“Mom,” 9:01 p.m., CBS.
With sharp writing
and perfect performances, “Mom” had the rare ability to make even
bad news seem funny. Losing a job ... losing out on a custody weekend
with your son ... wrapping up a court-ordered penalty? All of that is
faced with wit and fun.
But is it funny to
meet someone who's been broken by addiction and abuse? Surprisingly,
yes. Christy and her mom attempt to seem casual, while hiding their
valuables. It's a great scene in a dandy episode.
“2 Broke Girls” season-opener, 9:30 p.m., CBS.
It's been an odd
roller-coaster for this comedy. After four years of not-bad ratings
on Mondays, it was put on the shelf (along with “Mike &
Molly”), slated as a mid-season replacement. Then the return came
quicker – and in a much better timeslot -- than anyone had
realized that the so-so “Angel From Hell” -- slated for tonight –
would be the weak link in a great comedy night. “Angel” was
delayed to February, replaced by “Broke”: The government has
plans to bulldoze Han's diner and Max and Caroline's cupcake window;
people converge on City Hall.
ALTERNATIVE: “Project Runway Junior” debut, 9 p.m., Lifetime,
rerunning at 10:02.
Right now, kids are
overrunning our reality shows. Last Friday, Fox started its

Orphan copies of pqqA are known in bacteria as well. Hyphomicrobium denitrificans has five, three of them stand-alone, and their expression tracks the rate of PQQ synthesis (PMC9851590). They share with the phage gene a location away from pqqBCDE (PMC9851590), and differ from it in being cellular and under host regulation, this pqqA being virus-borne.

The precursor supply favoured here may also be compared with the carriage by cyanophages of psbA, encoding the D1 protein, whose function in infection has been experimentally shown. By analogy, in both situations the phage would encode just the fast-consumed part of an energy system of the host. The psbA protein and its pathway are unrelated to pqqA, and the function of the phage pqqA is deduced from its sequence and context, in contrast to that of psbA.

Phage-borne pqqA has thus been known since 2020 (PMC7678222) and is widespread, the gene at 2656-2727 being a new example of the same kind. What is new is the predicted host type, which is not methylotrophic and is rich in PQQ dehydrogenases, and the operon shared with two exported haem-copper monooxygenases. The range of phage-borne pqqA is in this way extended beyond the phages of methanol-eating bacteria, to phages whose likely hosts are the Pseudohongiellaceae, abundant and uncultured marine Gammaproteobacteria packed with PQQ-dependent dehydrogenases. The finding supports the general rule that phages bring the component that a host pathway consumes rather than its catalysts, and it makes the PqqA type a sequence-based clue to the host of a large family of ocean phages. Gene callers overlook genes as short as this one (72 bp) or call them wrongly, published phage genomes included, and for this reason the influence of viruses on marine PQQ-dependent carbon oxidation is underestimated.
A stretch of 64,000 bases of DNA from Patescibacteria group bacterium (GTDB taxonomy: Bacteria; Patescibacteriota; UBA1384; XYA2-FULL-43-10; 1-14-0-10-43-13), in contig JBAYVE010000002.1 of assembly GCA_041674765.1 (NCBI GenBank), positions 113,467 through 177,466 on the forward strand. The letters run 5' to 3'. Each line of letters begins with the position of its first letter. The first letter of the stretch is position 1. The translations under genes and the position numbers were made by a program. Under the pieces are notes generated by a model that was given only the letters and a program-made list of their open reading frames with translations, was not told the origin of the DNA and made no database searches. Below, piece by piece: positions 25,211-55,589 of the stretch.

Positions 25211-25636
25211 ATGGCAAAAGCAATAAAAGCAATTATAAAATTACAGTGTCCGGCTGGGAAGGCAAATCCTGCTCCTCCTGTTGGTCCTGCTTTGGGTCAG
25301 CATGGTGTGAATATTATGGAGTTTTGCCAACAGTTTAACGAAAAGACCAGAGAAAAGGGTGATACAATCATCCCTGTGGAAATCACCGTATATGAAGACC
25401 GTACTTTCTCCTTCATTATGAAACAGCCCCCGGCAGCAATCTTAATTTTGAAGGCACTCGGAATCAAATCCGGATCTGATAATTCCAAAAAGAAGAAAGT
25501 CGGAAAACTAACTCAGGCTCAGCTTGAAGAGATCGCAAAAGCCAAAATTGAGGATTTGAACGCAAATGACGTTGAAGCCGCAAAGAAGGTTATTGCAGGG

“MasterChef Junior” season; now this “Runway” variation has a
dozen designers, ages 13 to 17.
Tim Gunn will be the
grown-up in charge, alongside model Hannah Davis. The judges are
Kelly Osbourne, Aya Kana (editor of Cosmopolitan and Seventeen) and
Christian Siriano, who has proven young people can design. He was 22
when he won “Runway” (the real one) in 2006.
(2004) and “The Lucky One” (2012), 6 and 9 p.m., ABC Family. All
films based on Nicholas Sparks films were clearly not created equal.
“Notebook” is beautifully nuanced and deeply moving; “Lucky
One” leaves viewers shouting “Just tell her” and “I told you
8 p.m., ABC. There's heavy emotional pressure, as the team works on a
longtime patient. Meanwhile, Arizona is ready to date again; Bailey
wants Ben to throw out their new roommate.
“The Big Bang
Theory,” 8 p.m., CBS. Sheldon may be ready to sample the dating
“Live in Pieces,”
8:31 p.m., CBS. After several great episodes, this show had a lame
one last week. We'll hope it rebounds tonight, as baby Lark gets much
of the focus: Her parents try to hire a nanny; her grandfather makes
a wooden puppet that everyone seems to like ... except Lark.
p.m., ABC. As the president negotiates a peace deal, Olivia learns
9 p.m., NBC. Both sides make progress in finding Liz, while Tom has a
setback in his effort to exonerate her.
“VH1 Big Music in
2015,” 9-11 p.m., VH1. Viewers have already been voting (by Twitter
and Instagram) for the VH1 Artist of the Year. We'll learn the winner
at the end of this concert; first, here's music by the nominated
groups (Hozier, X Ambassadors) and individuals – James Bay, George
Ezra, Ella Henderson, Tori Kelly, Elle King, Miguel, Rachel Platter
and Nate Ruess.
p.m., CBS. In a role that requires perhaps 12 per cent of his immense
talent, John Noble (“Fringe”) plays Sherlock's unflinching dad
Morland. We met him briefly at the end of last week's season-opener,
when he offered to use his influence to get Sherlock's job back. The
Morland portions tonight are stiff and flat, but the mystery –
murder at a research lab – is a good one.